Practical tips for integrating metacognition and self-regulated learning into the classroom

The evidence is clear that metacognition and self-regulated learning can accelerate student learning, but what does this look like in the classroom?

Rob Mason

Building Student Self-regulation and Metacognition

In our first two blog posts, we took a look at two related concepts from the world of learning science: metacognition, and self-regulated learning. We explored types of metacognitive knowledge and skills, the three phases of self-regulated learning, and some of the benefits of using these approaches for student learning outcomes.

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In this blog post, we’ll take it one step further and start to think about some practical ways to grow your students’ ability to self-regulate and develop metacognitive skills and knowledge. The evidence is clear that metacognition and self-regulated learning can accelerate student learning, but what does this look like in the classroom?

3 strategies to promote self-regulation and metacognition in the classroom

2. Explicitly modelling different strategies and discussing how and when they can be useful
3. Building student capacity to self-assess and work towards goals independently

1. Building metacognitive reflection into your lessons as a regular process

Evidence suggests that metacognitive skills can be taught (Schraw, 1998), but a critical part of this is providing opportunities for students to build their skills over time in reflecting upon and evaluating their own learning. Just as a piano student won’t improve their scales if they don’t rehearse them, students who aren’t given the opportunity to reflect on the effectiveness of their learning will not improve these reflective abilities.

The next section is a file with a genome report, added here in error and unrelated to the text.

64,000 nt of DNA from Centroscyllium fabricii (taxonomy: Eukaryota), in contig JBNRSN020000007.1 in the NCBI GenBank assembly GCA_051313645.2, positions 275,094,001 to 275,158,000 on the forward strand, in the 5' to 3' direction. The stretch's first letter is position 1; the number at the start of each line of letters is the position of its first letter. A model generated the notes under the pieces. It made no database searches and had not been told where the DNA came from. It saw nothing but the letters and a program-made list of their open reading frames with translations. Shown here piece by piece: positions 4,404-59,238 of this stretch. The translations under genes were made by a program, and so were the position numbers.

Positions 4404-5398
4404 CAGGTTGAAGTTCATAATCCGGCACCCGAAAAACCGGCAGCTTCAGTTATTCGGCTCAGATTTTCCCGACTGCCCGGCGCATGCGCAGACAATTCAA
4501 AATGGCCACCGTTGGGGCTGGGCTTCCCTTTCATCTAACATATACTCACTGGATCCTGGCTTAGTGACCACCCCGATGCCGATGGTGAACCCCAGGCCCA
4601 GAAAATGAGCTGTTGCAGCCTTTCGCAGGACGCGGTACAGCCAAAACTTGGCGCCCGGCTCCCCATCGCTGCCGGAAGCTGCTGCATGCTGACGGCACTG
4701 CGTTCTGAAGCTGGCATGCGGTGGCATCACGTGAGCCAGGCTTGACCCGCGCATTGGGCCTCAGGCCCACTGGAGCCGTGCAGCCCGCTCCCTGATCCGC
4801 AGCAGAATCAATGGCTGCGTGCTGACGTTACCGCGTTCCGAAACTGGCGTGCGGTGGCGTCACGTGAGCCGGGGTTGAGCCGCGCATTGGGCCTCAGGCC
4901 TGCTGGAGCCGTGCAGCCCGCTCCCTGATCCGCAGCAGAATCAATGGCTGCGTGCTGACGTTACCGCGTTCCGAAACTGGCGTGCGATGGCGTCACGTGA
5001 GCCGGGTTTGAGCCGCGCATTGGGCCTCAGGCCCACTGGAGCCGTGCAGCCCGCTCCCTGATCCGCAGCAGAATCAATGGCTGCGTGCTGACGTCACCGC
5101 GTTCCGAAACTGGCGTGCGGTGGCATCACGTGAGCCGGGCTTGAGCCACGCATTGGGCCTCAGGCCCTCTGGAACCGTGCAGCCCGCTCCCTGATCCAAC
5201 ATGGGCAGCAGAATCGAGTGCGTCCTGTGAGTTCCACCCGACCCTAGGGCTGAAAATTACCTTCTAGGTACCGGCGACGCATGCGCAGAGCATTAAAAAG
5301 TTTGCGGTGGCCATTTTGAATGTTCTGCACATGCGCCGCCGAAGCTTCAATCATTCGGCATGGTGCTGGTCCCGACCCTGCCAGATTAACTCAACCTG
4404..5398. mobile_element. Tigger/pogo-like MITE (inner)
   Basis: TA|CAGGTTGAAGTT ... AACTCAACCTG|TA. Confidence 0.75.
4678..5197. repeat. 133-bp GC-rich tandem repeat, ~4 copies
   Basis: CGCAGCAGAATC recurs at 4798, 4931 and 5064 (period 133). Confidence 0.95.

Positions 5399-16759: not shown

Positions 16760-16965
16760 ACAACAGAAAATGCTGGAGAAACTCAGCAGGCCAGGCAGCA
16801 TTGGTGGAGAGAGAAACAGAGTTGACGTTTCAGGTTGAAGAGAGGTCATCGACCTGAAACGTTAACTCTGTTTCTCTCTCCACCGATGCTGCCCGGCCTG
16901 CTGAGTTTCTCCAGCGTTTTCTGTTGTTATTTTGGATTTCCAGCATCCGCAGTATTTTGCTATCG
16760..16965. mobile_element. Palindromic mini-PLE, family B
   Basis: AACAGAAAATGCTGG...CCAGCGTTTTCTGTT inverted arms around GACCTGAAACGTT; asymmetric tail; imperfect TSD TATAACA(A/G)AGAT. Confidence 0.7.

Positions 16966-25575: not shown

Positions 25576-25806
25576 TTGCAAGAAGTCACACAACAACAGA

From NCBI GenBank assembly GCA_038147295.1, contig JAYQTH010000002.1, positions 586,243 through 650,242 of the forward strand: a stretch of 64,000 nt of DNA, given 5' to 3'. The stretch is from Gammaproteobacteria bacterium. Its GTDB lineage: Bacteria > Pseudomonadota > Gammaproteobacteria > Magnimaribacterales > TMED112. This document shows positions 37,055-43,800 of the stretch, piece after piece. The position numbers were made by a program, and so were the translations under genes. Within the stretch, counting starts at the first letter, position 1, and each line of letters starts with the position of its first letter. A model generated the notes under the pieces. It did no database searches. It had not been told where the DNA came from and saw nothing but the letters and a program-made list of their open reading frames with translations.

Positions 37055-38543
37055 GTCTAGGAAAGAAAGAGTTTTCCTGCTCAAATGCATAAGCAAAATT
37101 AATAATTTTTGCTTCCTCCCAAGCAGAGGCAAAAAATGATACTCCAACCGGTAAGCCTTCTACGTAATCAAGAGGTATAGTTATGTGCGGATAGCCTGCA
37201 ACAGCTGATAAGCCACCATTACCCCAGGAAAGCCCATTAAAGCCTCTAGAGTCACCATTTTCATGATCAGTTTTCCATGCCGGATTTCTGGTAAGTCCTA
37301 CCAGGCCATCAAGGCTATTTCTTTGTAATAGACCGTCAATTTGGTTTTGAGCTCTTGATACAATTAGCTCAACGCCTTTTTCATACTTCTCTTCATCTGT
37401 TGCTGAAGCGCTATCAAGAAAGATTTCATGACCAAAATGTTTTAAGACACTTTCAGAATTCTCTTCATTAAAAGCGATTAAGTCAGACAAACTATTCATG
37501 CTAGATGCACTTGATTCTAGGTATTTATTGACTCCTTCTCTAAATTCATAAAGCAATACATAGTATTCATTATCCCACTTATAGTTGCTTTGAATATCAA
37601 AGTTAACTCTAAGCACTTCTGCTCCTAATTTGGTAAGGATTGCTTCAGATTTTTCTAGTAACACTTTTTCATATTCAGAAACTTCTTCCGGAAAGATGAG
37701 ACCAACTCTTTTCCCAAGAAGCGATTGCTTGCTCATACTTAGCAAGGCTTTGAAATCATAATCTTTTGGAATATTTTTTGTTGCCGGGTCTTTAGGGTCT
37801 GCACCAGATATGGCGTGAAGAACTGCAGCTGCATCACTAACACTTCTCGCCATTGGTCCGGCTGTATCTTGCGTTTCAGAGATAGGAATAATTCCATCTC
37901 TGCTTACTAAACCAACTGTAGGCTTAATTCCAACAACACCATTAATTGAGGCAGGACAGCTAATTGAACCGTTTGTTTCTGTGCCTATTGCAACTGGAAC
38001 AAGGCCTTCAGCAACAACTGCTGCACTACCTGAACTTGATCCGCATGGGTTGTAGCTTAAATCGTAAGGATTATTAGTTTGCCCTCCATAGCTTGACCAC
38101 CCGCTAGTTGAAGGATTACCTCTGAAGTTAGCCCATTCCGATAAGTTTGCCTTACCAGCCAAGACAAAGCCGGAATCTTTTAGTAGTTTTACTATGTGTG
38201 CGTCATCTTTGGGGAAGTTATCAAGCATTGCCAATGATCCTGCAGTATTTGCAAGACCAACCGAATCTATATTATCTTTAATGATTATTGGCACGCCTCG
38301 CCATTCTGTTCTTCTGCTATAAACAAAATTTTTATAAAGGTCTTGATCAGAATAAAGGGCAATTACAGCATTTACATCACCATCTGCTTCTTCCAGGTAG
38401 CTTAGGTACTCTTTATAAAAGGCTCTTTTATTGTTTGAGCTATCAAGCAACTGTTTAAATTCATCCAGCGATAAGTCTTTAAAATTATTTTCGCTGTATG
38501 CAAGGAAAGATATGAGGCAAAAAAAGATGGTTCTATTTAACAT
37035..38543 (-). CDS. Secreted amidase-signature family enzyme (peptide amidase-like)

One way to do this may involve providing exit tickets for students as the lesson comes to a close. While not a new concept, building a library of possible exit ticket questions and using these regularly can help students to tap in to and grow their metacognitive knowledge.


Questions could be centred around each of the three elements of metacognitive knowledge. For example:

  • What strategies did you use to complete today’s task? (Knowledge of strategies)
  • Did the strategy work for today’s task? Would it work as well for (last week’s/a different) task? (Knowledge of task)
  • How easy/difficult did you find today’s task overall (1 = very difficult, 10 = very easy)? How could you make the task easier next time? (Knowledge of the learner)


The possibilities with exit ticket questions to promote metacognitive thinking are endless. However, the important part is that students are given regular opportunities to consider a range of questions designed to help them reflect on their learning. Evidence suggests that it can take some time for students to start thinking about their learning when the concept is first introduced – but as the habit develops and they become familiar with the approach, they begin to adopt it autonomously (Tan, Dawson & Venville, 2008).

2. Explicitly modelling different strategies and discussing how and when they can be useful

In order for students to develop a ‘menu’ of strategies from which they can select, an important first step is explicitly teaching these strategies. Often, the most relevant strategies in one subject are different to those in another subject, so it can be useful to discuss metacognitive strategies in the context of a particular learning situation rather than running generic “one-size-fits-all” sessions on learning strategies.


As an example, consider the use of think aloud routines. These involve the teacher narrating through their own internal thought processes when working through a learning task, such as completing a maths problem or constructing a paragraph. Articulating the thinking required to plan, monitor, and complete a task can serve as a model for students to then begin to think aloud through their own tasks.